Waiting for a Hero

“I believe everyone has a superhero inside them waiting to be discovered.” – Unknown

Throughout my childhood, I was enamored with reading comic books, watching superhero cartoons, collecting superhero action figures and dressing up to save the world from destruction. The ideas and story lines of possessing extraordinary powers to rescue others, overcoming adversity and defeating evil was a concept I relished in. My love and passion for art originated from the depths of the amazingly drawn imaginary realms of fearless vigilantes, villainous aliens, and unstoppable mutants, which I desperately tried to recreate in my sketchbooks, loose pieces of paper, or class notes.

As my interest in art grew, I began to participate in every art class I could in school, which opened my eyes to a whole new world of materials, techniques, inspiration, and history. During the beginning of my high school career, I experienced a teacher who immediately captured my attention and challenged my effort, commitment, and motivation as an artist and a learner. My art teacher, Ms. Leorch, was a consistent balance of kindness, passion and grit. For the first time in school, I had found a place I felt accepted, cared for, uplifted, and driven beyond my own complacency. Ms. Loerch provided constant encouragement and opportunities, which went well beyond my own beliefs in the abilities I possessed. For the next four years, I took every art class available and Ms. Learch persistently pushed me to create beyond my own comfort and mindset. The classroom was an environment to explore and experiment without strict direction. We were allowed to make mistakes without consequences, which provided the confidence to try again without fear of losing credit. Each day, due to the relationship she established, I wanted to gain her approval with every task and be the best version of myself.

Although my experience in the art class room was transformational, the rest of my educational career created trepidation, frustration, and uncertainty as a learner. As an adult entertaining the idea of becoming an educator, I was apprehensive and doubtful of my impact on a large educational system, which I viewed as broken and futile. My immediate question and charge was:

How can the learning experience be changed for students to positively impact their desire, exploration, and acquisition of knowledge?

Looking at the many aspects of education in its entirety was overwhelming. I quickly had to change my lens and simplify the solution to a single model of teaching. In reviewing my experience in Ms. Leorch’s class, I began to understand the power of going beyond the curriculum, standards, and grades to focus on student’s characteristics, emotions, and passions. When I viewed education in a large scope, the opportunity to see the immediate chance to positively affect those around me was lost. One teacher cannot save each student’s experience as a whole. However, if each teacher continues to use their power to focus on the needs of their students, we would create a methodology and practice of love, compassion, hope, and acceptance. Similar to the superheroes in the comic books, these three qualities are needed to enhance the learning experience.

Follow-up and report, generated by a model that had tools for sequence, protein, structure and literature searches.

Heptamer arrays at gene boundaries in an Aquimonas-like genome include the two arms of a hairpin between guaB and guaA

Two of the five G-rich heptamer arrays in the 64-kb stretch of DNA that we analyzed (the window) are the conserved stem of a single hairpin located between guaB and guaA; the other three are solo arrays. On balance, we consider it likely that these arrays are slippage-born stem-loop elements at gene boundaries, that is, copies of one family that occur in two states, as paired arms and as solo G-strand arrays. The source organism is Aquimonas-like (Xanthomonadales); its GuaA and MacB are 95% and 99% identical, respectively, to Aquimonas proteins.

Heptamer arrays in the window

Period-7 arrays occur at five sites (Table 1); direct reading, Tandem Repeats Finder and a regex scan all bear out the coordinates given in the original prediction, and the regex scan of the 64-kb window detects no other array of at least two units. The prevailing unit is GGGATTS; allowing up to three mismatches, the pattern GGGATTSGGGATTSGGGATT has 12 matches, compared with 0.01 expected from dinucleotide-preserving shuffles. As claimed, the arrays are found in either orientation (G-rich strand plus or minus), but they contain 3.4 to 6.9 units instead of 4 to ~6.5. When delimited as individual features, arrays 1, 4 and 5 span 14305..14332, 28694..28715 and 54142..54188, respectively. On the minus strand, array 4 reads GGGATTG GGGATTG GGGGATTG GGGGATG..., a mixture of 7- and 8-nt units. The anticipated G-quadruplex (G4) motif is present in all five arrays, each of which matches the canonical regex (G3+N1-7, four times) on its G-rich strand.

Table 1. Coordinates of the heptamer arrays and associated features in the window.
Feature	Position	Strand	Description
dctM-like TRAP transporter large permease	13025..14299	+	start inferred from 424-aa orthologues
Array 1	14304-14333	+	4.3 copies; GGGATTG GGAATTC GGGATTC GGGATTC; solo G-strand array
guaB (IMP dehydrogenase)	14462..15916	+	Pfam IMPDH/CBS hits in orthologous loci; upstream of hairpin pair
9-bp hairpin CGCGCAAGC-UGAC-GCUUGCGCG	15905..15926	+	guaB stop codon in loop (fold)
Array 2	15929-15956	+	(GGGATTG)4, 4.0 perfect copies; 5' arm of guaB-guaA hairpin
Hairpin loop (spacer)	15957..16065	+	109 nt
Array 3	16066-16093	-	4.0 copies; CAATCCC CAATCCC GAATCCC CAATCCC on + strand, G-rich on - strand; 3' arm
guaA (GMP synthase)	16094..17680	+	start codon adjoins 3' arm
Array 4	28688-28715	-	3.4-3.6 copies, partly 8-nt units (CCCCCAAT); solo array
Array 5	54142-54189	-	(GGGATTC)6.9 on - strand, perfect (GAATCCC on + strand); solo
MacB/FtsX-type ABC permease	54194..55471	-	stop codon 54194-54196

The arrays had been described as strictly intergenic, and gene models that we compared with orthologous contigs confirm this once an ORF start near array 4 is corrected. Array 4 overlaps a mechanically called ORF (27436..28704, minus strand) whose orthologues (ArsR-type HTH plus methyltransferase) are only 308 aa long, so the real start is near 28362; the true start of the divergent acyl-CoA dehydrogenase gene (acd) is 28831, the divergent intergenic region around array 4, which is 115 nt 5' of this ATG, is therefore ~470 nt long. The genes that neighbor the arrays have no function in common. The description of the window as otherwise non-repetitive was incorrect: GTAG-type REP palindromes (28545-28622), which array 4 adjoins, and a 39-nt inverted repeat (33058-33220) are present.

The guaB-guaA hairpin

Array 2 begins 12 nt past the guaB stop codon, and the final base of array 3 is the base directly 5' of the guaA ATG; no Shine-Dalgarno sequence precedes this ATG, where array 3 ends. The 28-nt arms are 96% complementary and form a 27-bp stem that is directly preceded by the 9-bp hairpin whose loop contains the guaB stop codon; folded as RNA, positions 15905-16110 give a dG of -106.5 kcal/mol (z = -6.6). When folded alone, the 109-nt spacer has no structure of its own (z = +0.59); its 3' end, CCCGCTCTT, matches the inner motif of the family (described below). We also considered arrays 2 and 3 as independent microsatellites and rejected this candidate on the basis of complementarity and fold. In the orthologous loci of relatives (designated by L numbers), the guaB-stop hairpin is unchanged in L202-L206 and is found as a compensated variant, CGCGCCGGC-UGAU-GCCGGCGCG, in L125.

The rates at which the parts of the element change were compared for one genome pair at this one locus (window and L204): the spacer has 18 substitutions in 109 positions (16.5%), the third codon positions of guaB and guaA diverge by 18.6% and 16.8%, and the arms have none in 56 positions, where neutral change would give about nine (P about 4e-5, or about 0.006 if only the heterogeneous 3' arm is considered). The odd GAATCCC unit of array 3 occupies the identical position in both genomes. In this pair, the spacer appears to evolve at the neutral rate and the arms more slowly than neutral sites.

“A hero is someone who has given his or her life to something bigger than oneself” – Joseph Campbell


1. Never give up

Throughout the year, students will test our limits to determine how invested we are in them. This practice may be small or large but each student wants to know: Can I trust you? Do you believe in me? Will you ever give up on me? It is our daily duty to continue to show our students we will never give up on them or their learning. Even on the toughest of days, we must uplift, listen, and be present to build trust and strengthen our relationships. If our students know and believe we are committed to their needs, their emotional and academic growth will occur exponentially.

2. Strength comes from character

Our students are consistently seeking a model for their own behavior. In each task, interaction or conversation, we are creating a template of our expectations, beliefs and character. To produce strength in our students, consistency and intentionality are needed in our actions. Qualities, such as respect, patience, and servanthood, are presented to a captive audience, who are subconsciously digesting our every move. What we do each day is much more powerful than what we say each day.

3. Encouraging like a champion

Every student needs someone to provide motivation, inspiration, and encouragement in times of difficulty. In situations when students fail and struggle to try again, it is important to deliver support to coach resiliency and grit. As a student, when I didn’t believe in myself, Ms. Leorch made me feel like a champion and she encouraged me to take chances, apply my effort, and to have confidence in my abilities. Doubt is a powerful foe for our students and we must continue to battle the negative concepts with hope, joy, and love.

Our students are longing for much more than knowledge and grades. As educators, we have extraordinary powers to rescue others, overcome adversity and defeat the hardships of our students. Students don’t need teachers to wear a mask or a cape but they do need your super-powers everyday!

About the author, Joshua

Joshua Stamper is a middle school Assistant Principal for a North Texas School District, where he's had the amazing opportunity to work at four campuses, two districts, and with hundreds of students, teachers, and administrators. Prior to Joshua's current position, he was a classroom educator and athletic coach for 6 years working with students in grades 6-8.

In addition to his administrative position, Joshua is a podcaster, blogger, leadership coach and education presenter.

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